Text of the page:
In the realm of litigation, child custody cases can be some of the most contentious and complicated disputes. Child custody cases can become even more heated and emotionally charged when they take place in an international arena. While child custody disagreements in the United States are largely regulated by state and federal law, it can be difficult to determine which country has jurisdiction over an international custody dispute and what laws should apply.
Determining Which Country’s Rules Should Apply
While in the United States a child’s home state generally has jurisdiction over custody matters, other countries are not required to abide by the laws of the United States. Further, a foreign court may chose to disregard any existing custody order in the United States. If the parents of a child do not reside in the same country, and the child routinely resides with both parents, it can be difficult to determine which country should have jurisdiction over a case to determine custody of the child. If a parent in one country has filed a child custody case and the other parent does not believe it is the proper venue for the action, the parent seeking to transfer the case will most likely have to file an action in the original court. The successfulness of any action seeking to transfer a child custody case will rely solely on the laws of the country and the court determining the issue, which obviously will vary greatly depending on what country is involved.
Recourse When a Child is Wrongfully Taken to a Foreign Country
If a child has been wrongfully taken to another country, a treaty referred to as the Hague Convention may aid a parent in getting the child back. The effectiveness of the Hague Convention is limited, however, as it only applies to countries which are signatories to the treaty. It is also important to note that the Hague Convention does not allow for the modification of custody rights, it simply sets forth that any child that has been abducted to a foreign country should be returned to his or her home country.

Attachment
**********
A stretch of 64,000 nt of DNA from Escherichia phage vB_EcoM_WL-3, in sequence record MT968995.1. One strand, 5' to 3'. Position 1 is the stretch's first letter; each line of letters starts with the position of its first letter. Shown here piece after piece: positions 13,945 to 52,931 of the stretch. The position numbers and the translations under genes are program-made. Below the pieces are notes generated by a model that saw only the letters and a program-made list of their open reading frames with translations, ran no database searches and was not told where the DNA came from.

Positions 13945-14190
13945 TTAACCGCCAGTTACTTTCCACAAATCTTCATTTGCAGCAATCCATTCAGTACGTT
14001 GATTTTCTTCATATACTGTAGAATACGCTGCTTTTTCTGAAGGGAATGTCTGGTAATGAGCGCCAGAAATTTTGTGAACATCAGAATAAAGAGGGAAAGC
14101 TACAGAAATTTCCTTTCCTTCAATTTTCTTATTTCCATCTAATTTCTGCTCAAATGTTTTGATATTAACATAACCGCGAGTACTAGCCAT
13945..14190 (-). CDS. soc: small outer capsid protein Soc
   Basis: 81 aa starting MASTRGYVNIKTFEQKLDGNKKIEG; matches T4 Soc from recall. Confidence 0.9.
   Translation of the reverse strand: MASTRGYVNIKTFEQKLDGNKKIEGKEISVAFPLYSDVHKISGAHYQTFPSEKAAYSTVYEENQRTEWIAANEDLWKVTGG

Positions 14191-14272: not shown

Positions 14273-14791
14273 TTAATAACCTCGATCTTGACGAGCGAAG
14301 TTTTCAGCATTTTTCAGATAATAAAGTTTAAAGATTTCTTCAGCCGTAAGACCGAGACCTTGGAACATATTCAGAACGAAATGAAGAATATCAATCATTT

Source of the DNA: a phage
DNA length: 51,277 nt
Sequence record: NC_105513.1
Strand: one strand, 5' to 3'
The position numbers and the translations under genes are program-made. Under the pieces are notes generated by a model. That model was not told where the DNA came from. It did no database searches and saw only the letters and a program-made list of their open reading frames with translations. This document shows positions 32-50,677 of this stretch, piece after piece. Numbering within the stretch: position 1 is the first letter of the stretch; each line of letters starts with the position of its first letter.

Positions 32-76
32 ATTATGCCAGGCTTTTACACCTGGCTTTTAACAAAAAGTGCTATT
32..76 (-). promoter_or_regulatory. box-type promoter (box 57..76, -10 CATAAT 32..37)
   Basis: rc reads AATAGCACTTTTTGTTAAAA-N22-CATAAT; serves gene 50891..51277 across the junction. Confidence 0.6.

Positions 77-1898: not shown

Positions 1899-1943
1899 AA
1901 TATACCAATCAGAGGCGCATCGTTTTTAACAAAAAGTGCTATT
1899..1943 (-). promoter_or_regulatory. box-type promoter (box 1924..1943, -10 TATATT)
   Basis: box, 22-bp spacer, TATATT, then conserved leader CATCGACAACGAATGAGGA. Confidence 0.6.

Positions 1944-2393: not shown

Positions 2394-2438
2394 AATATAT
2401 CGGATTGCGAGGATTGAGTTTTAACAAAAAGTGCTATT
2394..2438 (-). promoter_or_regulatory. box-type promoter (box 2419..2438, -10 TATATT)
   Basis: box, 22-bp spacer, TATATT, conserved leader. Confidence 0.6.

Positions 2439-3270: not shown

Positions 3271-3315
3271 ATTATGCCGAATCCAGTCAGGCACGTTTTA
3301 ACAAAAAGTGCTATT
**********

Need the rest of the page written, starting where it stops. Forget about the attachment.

To take advantage of the Hague Convention, the parent must file a petition asking the court to invoke the Hague Convention. If the country to which the child has been abducted is a signatory to the treaty a hearing will be held. If after the hearing the court determines the child was wrongfully taken from the country in which the petition was filed, and the child was a habitual resident of said country, the child must be returned to their home country within six weeks. The term habitual resident is not defined, but courts generally weigh several factors, including where the child has historically lived and the intentions of the parents.
There are defenses available under the Hague Convention to a claim that a child was wrongfully removed, but they are limited. Defenses include the argument that the other parent consented to the removal, that over a year has passed since the removal, that the child is of an age where he or she can make a reasoned decision and objects to returning to his or her home country, or that the child was in danger of being harmed.
Relocating a Child to a Foreign Country
In some cases both parents will reside in the same country but due to a change in circumstances, one parent will seek to relocate to a foreign country with his or her child. In determining whether to allow a parent to move a child to a foreign country the court will weigh several factors, including whether the country is a signatory to the Hague convention, whether the foreign jurisdiction will enforce any existing custody orders, and the effect of the relocation on the current custody of the child. Of course as in any custody case, the ultimate factor in determining whether to allow one parent to relocate a child to another country is whether the relocation will be in the best interest of the child.